03|16|2011 06:27 pm EDT
Four universities have been chosen to receive grants of $75,000 each for their research teams to pursue projects aimed at strengthening Internet infrastructure. The grants are being awarded as part of a VeriSign, Inc. (NASDAQ: VRSN) program designed to promote and foster Internet innovation and in conjunction with the company’s commemoration of 25 years of .com. The researchers will present their findings at a Washington, D.C. symposium later this year. The grant awards will be issued to the universities following final agreement between Verisign and the universities.
Winners were chosen in four categories:
- Internationalization of the Internet: Ben-Gurion University of the Negev, Israel
- Domain Name System (DNS) Security: University of Cambridge, United Kingdom
- Infrastructure Applications: University of Illinois at Urbana-Champaign
- Internet Infrastructure: University of Michigan
“At Verisign, we are committed to ensuring the infrastructure of the Internet is constantly evolving to meet new demands, and supporting these types of research projects is critical to that effort,” said Mark McLaughlin, president and chief executive officer of Verisign. “These grant recipients will help to pioneer the next generation of the Internet and continue to shape how we live in an increasingly connected world.”
Distinguished judges for the grants included Rod Beckstrom, President and CEO of ICANN; Vint Cerf, Vice President and Chief Internet Evangelist at Google; Michael Chertoff, former Homeland Security Secretary; Paul Mockapetris, computer scientist and inventor of the Domain Name System; and Danny McPherson, Chief Security Officer at Verisign.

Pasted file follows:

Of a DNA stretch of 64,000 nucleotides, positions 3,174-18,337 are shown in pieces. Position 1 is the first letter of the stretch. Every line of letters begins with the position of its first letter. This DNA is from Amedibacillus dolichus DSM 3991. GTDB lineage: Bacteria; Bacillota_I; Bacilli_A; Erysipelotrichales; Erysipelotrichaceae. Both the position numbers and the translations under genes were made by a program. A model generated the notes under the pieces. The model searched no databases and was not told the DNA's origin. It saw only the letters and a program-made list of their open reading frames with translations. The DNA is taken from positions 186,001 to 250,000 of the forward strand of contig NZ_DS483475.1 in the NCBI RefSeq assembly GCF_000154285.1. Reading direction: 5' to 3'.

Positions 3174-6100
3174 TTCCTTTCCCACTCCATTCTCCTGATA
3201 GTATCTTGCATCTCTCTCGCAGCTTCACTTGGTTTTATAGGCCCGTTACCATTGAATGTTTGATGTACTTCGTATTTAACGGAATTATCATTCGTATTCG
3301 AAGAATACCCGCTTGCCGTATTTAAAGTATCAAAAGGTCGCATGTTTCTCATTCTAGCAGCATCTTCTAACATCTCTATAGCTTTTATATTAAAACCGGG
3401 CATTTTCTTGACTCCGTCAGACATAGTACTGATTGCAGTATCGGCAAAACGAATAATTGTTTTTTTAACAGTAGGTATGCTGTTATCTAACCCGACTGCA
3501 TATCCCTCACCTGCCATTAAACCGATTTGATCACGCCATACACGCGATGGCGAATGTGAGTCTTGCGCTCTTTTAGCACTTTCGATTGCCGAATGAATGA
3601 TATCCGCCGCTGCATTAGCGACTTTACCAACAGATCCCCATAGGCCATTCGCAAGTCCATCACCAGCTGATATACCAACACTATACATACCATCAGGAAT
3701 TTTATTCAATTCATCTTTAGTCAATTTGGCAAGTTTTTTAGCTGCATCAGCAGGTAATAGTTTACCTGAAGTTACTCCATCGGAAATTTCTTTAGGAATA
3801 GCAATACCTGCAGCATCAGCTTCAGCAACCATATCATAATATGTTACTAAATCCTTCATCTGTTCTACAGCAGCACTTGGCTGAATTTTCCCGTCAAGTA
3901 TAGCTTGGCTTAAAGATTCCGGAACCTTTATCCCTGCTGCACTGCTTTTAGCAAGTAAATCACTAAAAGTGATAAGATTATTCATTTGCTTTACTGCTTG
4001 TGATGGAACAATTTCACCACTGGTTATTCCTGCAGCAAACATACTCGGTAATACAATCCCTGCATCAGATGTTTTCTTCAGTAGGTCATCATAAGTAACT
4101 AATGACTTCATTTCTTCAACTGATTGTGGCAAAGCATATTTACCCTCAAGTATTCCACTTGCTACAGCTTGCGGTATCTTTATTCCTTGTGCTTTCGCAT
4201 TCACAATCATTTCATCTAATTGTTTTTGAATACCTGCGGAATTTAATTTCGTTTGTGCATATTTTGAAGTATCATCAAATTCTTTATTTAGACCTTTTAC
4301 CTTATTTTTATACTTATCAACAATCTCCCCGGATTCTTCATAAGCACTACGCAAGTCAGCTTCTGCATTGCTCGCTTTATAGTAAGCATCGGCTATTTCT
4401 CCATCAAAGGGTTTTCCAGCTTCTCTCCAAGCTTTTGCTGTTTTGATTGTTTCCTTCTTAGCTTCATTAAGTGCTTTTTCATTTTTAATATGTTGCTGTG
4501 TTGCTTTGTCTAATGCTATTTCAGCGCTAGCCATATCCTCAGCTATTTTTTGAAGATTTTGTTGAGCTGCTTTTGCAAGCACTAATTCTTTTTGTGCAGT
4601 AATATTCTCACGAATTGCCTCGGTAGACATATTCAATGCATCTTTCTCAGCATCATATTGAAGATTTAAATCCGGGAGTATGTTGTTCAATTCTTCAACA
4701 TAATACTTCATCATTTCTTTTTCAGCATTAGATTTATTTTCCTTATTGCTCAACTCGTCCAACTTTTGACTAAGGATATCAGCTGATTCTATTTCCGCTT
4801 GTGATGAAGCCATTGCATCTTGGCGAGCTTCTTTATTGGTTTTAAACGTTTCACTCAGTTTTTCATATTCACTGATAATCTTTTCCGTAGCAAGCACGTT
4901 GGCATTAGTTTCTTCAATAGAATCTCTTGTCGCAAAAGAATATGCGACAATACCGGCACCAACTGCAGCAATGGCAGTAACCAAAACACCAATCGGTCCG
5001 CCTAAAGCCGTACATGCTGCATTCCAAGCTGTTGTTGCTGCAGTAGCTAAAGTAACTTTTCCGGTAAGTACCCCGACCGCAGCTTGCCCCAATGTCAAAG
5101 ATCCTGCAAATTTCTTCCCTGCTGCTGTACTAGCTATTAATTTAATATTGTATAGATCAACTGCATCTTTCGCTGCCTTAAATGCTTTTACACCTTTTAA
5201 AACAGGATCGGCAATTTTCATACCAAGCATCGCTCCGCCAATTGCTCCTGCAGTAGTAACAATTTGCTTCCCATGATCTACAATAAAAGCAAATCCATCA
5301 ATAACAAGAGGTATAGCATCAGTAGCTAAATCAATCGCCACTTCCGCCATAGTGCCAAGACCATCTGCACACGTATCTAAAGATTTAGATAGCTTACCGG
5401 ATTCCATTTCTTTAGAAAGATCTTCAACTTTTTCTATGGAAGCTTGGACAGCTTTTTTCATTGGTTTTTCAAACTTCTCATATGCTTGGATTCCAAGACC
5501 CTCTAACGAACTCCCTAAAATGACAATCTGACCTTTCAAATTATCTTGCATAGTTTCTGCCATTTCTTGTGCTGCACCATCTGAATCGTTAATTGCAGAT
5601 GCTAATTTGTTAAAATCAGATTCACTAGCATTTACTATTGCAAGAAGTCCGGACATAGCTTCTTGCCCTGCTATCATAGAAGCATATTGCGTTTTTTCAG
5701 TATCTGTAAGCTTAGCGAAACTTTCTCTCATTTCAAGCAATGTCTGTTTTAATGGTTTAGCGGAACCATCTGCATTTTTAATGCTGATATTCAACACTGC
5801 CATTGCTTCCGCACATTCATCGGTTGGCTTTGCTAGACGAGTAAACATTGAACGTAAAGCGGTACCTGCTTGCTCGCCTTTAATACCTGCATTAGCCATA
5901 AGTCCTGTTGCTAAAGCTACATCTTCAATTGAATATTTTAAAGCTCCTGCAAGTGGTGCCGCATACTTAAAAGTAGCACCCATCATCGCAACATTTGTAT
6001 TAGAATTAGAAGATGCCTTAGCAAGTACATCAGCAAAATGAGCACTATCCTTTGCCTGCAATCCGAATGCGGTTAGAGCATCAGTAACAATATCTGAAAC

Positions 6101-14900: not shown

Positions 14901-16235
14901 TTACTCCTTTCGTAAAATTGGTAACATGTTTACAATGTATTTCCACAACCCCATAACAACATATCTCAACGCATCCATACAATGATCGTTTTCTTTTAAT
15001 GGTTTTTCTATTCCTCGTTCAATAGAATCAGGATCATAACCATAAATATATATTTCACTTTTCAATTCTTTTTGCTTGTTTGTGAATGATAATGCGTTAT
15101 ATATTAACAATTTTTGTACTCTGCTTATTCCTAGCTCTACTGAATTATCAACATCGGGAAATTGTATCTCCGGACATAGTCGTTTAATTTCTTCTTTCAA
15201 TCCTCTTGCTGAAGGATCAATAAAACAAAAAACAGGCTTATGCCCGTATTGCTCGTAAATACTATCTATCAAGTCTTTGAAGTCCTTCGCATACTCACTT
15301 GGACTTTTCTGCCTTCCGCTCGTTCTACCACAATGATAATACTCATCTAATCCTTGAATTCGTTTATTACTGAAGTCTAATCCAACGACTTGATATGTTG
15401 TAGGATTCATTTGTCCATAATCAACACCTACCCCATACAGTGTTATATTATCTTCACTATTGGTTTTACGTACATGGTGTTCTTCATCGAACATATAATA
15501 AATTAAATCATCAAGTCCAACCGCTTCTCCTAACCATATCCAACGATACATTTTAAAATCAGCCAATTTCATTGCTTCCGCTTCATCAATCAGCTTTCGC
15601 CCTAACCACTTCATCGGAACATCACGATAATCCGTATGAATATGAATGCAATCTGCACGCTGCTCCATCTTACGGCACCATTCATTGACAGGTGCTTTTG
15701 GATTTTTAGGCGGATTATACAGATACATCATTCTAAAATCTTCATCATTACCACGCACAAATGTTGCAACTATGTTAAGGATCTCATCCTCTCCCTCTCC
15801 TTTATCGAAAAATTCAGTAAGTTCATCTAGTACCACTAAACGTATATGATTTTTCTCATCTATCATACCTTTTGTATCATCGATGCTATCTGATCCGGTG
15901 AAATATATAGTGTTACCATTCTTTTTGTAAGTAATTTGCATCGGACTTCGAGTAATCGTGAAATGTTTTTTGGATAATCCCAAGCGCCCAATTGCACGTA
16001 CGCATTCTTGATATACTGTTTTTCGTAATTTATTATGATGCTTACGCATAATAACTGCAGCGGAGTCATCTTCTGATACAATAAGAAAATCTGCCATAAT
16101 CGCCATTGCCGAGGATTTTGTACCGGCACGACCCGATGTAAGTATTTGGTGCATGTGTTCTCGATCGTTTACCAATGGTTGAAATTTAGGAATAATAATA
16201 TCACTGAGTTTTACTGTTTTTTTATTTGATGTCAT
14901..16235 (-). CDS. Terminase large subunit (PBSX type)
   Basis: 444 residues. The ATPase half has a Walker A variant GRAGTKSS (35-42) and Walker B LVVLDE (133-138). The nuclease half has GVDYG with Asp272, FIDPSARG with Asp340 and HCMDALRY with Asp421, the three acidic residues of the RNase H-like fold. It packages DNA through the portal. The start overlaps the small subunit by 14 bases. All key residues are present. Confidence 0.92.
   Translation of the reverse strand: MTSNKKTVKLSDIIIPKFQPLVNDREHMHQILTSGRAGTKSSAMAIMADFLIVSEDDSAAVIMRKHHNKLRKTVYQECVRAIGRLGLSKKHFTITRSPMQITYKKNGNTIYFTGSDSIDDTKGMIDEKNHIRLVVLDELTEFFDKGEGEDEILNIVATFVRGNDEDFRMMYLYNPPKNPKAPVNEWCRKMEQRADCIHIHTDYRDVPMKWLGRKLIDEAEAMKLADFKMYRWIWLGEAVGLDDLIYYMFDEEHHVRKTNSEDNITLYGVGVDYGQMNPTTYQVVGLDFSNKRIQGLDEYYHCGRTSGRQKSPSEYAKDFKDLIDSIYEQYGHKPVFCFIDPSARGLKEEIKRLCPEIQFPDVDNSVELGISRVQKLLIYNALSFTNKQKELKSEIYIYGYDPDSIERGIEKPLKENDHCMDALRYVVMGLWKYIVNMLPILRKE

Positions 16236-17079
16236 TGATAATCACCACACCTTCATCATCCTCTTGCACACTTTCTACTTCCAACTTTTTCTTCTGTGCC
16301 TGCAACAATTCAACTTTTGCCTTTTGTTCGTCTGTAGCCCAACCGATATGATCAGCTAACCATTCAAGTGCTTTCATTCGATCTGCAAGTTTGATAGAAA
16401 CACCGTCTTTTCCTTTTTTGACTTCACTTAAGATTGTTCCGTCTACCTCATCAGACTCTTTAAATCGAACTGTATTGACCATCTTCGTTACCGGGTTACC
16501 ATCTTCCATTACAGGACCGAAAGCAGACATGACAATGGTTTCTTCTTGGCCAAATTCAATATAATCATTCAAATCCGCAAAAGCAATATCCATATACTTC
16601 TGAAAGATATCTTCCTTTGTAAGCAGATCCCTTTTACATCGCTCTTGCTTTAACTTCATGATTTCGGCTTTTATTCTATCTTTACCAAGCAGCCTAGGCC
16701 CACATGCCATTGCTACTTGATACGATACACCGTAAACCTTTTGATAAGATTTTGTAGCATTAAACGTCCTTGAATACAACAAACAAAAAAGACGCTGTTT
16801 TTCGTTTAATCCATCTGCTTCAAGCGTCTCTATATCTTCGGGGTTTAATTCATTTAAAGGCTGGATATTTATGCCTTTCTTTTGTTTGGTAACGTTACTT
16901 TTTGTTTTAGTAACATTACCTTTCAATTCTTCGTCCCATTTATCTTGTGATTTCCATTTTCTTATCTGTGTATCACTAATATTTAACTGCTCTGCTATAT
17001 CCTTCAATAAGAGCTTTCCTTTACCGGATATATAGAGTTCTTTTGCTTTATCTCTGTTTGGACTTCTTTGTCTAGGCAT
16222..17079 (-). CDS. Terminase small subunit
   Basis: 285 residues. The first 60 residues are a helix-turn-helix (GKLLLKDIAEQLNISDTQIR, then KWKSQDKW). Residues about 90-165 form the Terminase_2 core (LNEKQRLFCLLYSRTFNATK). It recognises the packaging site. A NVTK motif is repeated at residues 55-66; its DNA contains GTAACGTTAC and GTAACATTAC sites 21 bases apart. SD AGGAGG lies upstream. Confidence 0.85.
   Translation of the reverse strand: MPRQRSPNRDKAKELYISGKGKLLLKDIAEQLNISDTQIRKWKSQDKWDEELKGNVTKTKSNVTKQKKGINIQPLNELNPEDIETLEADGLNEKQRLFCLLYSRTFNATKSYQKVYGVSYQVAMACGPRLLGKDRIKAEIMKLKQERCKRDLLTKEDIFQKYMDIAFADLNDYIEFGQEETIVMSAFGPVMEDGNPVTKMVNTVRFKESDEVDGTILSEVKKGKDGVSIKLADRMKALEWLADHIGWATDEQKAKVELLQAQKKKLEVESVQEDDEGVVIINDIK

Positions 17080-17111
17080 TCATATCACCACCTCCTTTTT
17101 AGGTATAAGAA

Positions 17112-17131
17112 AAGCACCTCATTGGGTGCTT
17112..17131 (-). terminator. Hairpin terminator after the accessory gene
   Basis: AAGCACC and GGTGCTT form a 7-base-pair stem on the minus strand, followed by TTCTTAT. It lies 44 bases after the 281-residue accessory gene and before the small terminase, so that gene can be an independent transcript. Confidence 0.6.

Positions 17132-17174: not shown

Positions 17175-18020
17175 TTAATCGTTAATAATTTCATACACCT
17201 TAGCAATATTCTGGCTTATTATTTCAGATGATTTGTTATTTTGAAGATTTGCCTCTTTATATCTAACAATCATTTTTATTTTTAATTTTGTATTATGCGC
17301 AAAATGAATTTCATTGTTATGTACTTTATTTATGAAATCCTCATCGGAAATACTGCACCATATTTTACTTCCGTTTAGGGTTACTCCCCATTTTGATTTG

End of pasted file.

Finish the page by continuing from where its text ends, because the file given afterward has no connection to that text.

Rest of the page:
The winner in the Internationalization of the Internet category was “Techniques for Achieving Positive Anonymity,” submitted by Shlomi Dolev at Ben-Gurion University of the Negev, Israel. The project explores anonymity on the Internet, and when remaining anonymous online is appropriate and when it is not, and attempts to define and propose schemes for conditional anonymity.
The winner in the DNS Security category was “Constructing a Functional Name System,” submitted by Anil Madhavapeddy at the University of Cambridge, United Kingdom. The purpose of this project, known as Mirage, is to develop a clean-slate operating system whose goal is to run reliably, securely and rapidly on the Internet, and is designed to be simpler than systems currently in use.
The winner in the Infrastructure Applications category was “Enabling Responsive Web Applications with the Accelerated Secure Association Protocol,” submitted by Philip Brighten Godfrey at the University of Illinois at Urbana-Champaign. This project is developing methods to accelerate the Web and other interactive networked applications, via secure, deployable extensions to the domain name system (DNS) and transport control protocol (TCP).
The winner in the Internet Infrastructure category was “Enhancing Mobile Internet Infrastructure for Improved Performance and Security,” submitted by Z. Morley Mao at the University of Michigan. This project aims to investigate mobile network infrastructure support to improve network performance, energy efficiency, and security assurance for mobile users and service providers.
[via Press Release]